Scientists Just Discovered a New Species of Armored Dinosaur That Would be Right at Home in 'Jurassic Park'
It's not going to save you 100% of the time, but if you could travel with armor on your back all day every day, you'd stand a better chance of surviving most attacks from larger predators. Turtles and armadillos have shells, but some dinosaurs had protection that was more than a few levels higher. According to reports, researchers and paleontologists from the Natural History Museum of Utah discovered the fossilized remains of a new Ankylosaurid species years ago and have done extensive work putting the pieces together to present it to the world.
If there is one thing that people know about the Ankylosaurus it's that it has armored plates on its back and a club for a tail. The newly reconstructed relative of that dino, named Akainacephalus johnsoni, was found during an excavation in in the Kaiparowits Formation of Grand Staircase-Escalante National Monument in Utah and is the most complete specimen ever found in the state. It has similar plating to other ankylosaurs, but researchers say that it has a look that is distinct. The head is covered in pyramid-shaped plates and there are large horns above its eyes that give Akainacephalus an interesting look. In addition to the complete skull, the researchers were able to unearth much of the animals vertebral column, limb fossils, a complete tail club, and a nearly complete synsacrum, which is the dorsal ridge in the pelvic region of birds and extinct reptiles.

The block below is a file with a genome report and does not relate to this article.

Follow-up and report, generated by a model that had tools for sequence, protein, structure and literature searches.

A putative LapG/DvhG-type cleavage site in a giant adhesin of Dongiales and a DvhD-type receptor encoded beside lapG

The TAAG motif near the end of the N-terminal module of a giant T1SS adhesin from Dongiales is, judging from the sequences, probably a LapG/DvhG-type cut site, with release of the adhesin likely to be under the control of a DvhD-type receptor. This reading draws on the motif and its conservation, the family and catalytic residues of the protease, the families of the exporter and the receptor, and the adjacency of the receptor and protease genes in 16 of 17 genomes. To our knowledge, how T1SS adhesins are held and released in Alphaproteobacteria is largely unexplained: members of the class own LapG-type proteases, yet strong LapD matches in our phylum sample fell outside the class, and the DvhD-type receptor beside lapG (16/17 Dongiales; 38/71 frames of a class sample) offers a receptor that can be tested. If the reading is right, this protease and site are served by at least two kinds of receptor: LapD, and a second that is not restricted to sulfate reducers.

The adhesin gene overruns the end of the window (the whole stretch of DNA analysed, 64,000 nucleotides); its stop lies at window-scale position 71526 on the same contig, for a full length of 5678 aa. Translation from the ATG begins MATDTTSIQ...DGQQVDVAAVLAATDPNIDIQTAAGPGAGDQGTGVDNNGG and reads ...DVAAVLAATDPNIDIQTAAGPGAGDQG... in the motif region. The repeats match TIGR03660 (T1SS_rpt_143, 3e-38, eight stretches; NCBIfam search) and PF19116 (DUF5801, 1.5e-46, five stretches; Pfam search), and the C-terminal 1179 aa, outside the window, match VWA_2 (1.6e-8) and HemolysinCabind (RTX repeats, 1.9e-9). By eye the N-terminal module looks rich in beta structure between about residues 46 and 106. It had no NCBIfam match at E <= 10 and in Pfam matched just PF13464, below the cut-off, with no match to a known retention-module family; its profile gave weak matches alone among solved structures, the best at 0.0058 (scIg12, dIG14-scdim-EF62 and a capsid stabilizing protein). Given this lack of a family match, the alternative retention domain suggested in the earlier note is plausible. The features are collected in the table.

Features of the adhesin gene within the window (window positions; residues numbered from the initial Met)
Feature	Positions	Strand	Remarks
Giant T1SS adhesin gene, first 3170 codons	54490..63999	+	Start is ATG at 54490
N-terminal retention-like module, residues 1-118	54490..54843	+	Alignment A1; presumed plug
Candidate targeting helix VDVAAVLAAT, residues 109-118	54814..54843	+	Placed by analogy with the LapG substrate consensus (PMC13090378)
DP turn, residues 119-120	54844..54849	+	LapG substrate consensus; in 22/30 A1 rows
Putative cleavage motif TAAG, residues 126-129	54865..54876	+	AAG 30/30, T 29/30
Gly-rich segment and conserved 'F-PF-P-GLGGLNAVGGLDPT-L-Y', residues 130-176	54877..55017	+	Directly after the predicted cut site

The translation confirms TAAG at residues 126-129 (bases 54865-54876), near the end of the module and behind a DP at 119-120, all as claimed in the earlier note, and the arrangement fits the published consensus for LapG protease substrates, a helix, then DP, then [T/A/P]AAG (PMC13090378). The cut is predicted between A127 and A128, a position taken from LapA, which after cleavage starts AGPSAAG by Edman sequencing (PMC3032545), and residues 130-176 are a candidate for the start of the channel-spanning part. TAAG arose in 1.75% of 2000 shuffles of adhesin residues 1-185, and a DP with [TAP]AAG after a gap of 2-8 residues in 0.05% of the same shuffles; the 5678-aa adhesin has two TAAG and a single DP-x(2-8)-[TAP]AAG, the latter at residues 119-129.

The place where Akainacephalus was found has become really important for paleontologists over the past decade or so because of how fruitful it has been. "The Kaiparowits Formation is really special not only because of the abundance of fossil we find and the diversity of different species, but almost every species of dinosaur we find there is something new that hasn't been found anywhere else on Earth," said Randall Irmis, chief curator of the Natural History Museum of Utah. But finding the fossils is just the beginning. "Our work's not done when we find a new species," Irmis added. "We want to know about the lives of these animals. How did they change as they grew up? How did they behave? What did they eat? And to answer those questions requires ideally multiple specimens...we hope to go back out to southern Utah and find more specimens of Akainacephalus."